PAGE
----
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Faster drying inks

May 1, 2005 12:00 AM


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Pressroom

For decades, printers have been searching for faster drying inks. Many have tried ink drying additives, specialty inks and aqueous coatings.

A proprietary ink additive from SpeedyDry Inc. (Charlotte, NC) accelerates the cross-linking reactions that normally occur in ink during drying. SpeedyDry is suitable for use with conventional offset lithographic inks and reportedly performs well on all stock types, even plastic. It has been in use for more than four years.

GATF breaks it down
Independent tests at the Graphic Arts Technical Foundation (GATF) (Sewickley, PA) proved SpeedyDry dramatically decreases ink drying time without significantly impacting print quality and ink properties, such as tone reproduction and tack. Additionally, GATF reported SpeedyDry improves rub resistance. Testing at GATF was performed as follows:

  • Pressroom conditions: 70.5°F; 45 percent humidity.
  • Press: Heidelberg 40-inch Speedmaster running at 7,000 sph.
  • Plates: Diamond Western Litho (175 lpi with a 4 percent bump curve in the midtone).
  • Inks: INX OSF Vision Plus 4 Color Process.
  • Laydown sequence: black, magenta, cyan, yellow.
A separate test in the GATF laboratory using high-alkaline reflex blue ink on Yupo synthetic paper showed that without SpeedyDry additive, the single sheet dried in 12.1 hrs. With five percent additive, the drying time dropped to 6.7 hrs.; with 20 percent additive, it dropped to 2.9 hrs.

Printers familiar with this combination are used to two to three weeks’ drying time. Frank Kocialski, print production manager at Colorado Litho (Westminster, CO) says, "We ran solid reflex blue with SpeedyDry on an uncoated sheet, and an hour and a half later we varnished it and sent it to cutting. We had a lot of happy salespeople and cutter operators."

Stock performance
Shane Landis, cofounder of SpeedyDry Inc. and a press operator for more than 25 years, was involved in the development and testing. Tested stocks included:

  • Coated stock (Sappi Magnostar). With its low porous surface, Landis notes that it requires minimal ink and water during the printing process.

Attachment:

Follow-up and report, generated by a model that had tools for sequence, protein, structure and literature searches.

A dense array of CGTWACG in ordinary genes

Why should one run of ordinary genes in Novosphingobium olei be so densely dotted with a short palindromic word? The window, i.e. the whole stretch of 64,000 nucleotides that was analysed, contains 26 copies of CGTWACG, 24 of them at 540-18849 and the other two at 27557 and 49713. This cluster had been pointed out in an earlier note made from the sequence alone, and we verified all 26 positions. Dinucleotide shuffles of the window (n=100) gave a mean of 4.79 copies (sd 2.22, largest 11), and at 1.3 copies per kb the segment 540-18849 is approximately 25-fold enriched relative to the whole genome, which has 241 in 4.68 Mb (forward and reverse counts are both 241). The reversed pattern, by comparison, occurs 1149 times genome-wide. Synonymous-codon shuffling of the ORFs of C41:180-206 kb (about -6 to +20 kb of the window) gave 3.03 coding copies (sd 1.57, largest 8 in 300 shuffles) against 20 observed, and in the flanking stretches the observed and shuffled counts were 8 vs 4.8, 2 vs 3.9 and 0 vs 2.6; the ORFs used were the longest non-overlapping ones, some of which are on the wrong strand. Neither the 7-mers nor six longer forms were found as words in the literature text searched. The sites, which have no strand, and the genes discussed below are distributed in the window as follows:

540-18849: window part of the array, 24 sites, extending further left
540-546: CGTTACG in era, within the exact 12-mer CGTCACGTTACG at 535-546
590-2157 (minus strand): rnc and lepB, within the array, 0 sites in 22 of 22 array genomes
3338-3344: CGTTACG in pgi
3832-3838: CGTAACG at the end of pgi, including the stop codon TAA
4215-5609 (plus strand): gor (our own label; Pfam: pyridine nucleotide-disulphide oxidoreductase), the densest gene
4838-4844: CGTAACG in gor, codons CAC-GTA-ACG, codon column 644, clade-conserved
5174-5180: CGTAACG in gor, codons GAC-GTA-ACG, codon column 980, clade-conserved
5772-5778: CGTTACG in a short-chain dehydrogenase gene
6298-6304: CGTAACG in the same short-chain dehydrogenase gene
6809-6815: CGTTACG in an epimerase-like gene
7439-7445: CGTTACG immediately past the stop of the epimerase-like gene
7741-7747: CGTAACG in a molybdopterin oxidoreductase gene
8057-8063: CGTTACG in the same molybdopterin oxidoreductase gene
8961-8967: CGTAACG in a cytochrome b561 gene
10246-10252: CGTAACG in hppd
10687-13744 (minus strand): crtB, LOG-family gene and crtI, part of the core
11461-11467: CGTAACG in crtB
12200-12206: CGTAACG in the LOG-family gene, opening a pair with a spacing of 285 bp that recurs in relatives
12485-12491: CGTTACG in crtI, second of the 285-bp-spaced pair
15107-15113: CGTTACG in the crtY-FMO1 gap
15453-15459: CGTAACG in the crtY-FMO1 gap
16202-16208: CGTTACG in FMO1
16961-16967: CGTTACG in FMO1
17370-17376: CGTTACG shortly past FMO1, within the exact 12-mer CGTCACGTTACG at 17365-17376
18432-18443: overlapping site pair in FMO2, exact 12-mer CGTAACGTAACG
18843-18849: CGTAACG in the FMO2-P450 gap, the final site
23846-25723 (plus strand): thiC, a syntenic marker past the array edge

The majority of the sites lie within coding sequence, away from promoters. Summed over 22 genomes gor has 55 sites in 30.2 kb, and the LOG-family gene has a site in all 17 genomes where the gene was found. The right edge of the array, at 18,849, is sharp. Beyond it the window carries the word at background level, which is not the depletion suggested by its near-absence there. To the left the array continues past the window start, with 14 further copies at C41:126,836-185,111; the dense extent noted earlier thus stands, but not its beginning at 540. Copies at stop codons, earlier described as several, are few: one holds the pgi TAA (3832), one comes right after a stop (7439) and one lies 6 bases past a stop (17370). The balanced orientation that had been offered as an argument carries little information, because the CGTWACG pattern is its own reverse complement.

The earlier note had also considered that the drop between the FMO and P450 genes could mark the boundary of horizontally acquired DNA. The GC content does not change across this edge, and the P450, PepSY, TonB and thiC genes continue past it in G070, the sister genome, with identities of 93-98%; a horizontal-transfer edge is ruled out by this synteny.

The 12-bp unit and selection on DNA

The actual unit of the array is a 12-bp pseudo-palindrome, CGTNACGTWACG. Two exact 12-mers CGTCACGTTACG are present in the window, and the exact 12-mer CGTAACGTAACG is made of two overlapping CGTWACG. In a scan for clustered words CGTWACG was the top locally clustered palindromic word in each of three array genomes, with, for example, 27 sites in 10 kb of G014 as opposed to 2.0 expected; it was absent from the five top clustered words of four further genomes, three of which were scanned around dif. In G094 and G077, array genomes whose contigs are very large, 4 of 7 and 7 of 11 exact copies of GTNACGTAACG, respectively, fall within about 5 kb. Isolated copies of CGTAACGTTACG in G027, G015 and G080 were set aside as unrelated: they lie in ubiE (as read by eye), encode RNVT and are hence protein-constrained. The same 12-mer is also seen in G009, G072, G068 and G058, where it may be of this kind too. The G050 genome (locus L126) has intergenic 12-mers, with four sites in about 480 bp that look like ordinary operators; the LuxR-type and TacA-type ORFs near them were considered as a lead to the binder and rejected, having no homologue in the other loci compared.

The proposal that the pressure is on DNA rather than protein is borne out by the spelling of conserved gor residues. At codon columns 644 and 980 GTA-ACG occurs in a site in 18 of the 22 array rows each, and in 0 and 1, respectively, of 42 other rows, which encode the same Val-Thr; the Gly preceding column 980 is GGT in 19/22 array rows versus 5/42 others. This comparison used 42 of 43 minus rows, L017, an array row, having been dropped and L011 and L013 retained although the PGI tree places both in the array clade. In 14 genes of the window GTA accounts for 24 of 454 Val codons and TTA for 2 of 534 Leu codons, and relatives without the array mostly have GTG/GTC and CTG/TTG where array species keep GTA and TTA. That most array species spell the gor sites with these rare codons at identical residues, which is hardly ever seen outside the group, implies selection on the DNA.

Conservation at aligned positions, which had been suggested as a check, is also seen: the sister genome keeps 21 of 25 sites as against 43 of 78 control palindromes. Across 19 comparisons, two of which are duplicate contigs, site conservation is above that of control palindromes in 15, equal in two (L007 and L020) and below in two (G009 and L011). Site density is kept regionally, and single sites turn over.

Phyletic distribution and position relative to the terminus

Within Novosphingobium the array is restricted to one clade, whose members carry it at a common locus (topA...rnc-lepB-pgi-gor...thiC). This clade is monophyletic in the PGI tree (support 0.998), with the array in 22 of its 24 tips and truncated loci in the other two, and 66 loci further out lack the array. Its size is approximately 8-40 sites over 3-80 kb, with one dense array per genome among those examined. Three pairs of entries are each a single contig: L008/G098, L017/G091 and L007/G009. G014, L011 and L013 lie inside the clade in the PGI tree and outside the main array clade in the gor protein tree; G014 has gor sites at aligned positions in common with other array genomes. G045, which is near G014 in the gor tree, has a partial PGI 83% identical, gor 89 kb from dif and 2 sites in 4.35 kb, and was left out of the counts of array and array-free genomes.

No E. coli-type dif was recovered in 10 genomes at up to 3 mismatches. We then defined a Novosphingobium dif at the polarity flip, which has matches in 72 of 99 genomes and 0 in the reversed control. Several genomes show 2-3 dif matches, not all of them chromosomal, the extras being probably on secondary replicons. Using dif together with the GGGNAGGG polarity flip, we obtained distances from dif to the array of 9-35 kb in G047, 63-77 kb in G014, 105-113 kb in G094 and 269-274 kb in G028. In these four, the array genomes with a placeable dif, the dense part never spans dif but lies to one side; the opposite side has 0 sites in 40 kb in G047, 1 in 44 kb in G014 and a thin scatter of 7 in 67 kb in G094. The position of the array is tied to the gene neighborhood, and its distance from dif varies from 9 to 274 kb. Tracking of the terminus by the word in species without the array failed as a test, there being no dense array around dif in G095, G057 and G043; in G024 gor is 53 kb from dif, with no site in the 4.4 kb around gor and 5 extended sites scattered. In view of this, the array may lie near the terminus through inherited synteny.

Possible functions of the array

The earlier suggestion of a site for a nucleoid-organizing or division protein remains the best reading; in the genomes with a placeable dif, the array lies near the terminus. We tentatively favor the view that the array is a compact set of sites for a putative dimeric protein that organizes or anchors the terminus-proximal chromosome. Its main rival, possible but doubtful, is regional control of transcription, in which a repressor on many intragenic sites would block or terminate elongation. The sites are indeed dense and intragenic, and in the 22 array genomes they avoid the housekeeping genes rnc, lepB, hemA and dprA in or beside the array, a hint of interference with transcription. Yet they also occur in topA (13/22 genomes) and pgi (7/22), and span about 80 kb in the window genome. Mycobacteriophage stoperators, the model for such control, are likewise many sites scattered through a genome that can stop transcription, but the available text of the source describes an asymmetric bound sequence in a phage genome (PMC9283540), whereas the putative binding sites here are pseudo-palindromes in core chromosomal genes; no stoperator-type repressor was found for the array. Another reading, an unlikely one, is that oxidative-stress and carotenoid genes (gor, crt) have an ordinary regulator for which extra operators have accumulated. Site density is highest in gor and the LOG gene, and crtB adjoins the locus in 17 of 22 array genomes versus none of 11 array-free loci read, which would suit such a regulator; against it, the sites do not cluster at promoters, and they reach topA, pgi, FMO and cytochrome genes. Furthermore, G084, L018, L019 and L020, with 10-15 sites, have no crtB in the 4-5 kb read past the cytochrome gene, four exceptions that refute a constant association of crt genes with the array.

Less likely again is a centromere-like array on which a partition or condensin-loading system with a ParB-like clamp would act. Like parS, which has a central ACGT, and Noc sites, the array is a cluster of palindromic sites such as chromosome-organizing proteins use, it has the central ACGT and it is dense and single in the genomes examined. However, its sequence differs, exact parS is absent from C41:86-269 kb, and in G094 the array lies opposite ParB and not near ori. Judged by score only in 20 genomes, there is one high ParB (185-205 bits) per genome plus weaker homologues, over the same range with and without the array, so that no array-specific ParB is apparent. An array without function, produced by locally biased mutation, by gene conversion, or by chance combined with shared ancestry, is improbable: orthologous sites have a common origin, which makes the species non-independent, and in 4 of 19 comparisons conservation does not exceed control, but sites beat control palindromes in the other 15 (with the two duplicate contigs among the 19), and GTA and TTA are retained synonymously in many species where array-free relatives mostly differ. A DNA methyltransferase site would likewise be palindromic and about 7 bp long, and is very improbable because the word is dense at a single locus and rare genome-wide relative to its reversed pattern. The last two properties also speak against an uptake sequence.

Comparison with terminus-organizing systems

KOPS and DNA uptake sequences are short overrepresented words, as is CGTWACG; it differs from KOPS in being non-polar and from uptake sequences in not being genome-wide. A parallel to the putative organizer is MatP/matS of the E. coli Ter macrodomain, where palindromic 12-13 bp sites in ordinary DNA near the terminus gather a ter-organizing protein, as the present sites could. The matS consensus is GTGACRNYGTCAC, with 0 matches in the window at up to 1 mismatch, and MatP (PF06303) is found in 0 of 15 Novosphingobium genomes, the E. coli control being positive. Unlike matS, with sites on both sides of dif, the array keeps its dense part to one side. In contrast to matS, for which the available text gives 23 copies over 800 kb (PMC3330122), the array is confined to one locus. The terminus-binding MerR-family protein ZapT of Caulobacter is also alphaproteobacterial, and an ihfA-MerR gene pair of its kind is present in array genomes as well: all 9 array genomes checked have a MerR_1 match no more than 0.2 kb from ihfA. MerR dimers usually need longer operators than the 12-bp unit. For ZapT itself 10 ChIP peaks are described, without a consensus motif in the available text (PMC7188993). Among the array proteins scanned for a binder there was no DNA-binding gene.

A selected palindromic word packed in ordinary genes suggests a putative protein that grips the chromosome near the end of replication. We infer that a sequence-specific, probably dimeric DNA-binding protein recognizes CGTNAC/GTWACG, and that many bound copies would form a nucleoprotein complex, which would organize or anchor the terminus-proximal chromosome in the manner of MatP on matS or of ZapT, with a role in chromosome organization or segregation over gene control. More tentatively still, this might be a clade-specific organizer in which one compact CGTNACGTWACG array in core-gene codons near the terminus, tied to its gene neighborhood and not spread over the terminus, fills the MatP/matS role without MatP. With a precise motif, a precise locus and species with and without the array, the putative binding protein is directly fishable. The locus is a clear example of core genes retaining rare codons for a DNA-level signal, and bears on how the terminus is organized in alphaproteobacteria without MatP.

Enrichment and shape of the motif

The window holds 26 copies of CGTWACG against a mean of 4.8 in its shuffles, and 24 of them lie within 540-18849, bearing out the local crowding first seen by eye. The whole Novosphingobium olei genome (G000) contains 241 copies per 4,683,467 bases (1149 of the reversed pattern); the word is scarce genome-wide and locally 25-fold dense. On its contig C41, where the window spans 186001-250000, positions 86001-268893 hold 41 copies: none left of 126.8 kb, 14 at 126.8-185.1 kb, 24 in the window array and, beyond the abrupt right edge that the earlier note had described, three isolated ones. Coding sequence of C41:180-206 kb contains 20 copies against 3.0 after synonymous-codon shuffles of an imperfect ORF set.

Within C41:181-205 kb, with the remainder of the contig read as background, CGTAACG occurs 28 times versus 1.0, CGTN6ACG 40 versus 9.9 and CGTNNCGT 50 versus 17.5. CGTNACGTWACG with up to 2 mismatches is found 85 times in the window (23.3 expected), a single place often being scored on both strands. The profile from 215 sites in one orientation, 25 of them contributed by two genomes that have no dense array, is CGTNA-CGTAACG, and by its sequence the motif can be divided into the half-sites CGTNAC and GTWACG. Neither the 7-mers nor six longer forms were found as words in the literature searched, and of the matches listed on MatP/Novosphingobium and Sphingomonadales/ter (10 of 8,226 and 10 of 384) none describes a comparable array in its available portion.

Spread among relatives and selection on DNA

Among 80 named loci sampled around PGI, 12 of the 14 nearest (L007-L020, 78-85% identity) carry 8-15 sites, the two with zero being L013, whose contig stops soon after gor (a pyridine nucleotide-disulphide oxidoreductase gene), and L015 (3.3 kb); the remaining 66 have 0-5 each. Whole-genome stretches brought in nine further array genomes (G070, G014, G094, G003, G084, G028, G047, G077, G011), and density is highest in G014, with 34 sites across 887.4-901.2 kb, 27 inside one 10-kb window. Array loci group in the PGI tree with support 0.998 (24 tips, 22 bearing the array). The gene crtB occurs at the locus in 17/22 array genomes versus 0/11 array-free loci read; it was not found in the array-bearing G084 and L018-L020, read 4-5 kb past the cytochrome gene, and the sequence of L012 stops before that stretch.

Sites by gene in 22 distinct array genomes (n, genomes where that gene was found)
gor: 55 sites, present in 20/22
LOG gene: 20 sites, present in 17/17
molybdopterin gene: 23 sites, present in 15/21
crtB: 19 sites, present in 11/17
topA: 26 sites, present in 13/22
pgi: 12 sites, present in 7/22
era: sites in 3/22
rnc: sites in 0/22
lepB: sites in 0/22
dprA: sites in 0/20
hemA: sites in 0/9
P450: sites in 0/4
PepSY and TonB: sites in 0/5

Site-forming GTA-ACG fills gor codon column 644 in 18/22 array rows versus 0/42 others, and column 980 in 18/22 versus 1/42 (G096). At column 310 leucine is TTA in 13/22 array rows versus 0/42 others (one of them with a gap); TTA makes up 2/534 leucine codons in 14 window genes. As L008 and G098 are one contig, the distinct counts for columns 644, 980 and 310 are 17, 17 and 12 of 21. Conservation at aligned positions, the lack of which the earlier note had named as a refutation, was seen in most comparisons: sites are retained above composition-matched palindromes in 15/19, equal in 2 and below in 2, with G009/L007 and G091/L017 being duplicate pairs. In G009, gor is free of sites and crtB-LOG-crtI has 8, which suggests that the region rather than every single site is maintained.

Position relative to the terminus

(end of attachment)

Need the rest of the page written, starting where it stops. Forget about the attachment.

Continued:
• Uncoated cover stock (Neenah Classic Crest), which Landis says often has to sit for two or three days to dry because it is highly acidic.
  • A felt stock (Tomahawk Cool White), which is a soft stock with heavy grain that is popular for limited-edition art prints. Because of its high absorbency, Landis says, it needs heavy ink coverage.
  • A matte stock (Sappi Somerset), which Landis notes has a high clay content, like the coated stock, but was chosen because it is high in acid.
  • A plastic sheet (Transilwrap Tipped Polyester). On this stock, Landis explains, a backer is attached along the gripper with little spots of glue. When the gripper is cut off in finishing, the backer drops away. This stock is used for lit display boxes, soda machines, and so on.
With the exception of the polyester, all stocks were 80-lb. The testers stirred the liquid SpeedyDry additive into the ink with an ink knife prior to putting the ink in the fountain. No special activation procedures or equipment were needed. During each of the five runs, every hundredth sheet was flagged and later pulled for print and setting analysis in the lab using an ink setting and drying time recorder. For drying analysis, sheets within each lift were checked after one and after three hours. The results are shown in the accompanying table.
SpeedyDry stock test results
Stock Normal Drying Time Drying Time with SpeedyDry
Coated stock 3.0 hrs. .09 hrs.
Uncoated cover stock 2.6 hrs. 1.9hrs.
Felt stock 10.4 hrs. 2.9 hrs.
Matte stock 3.5 hrs. 1.9 hrs.
Tipped polyester 10.7 hrs. 2.4 hrs.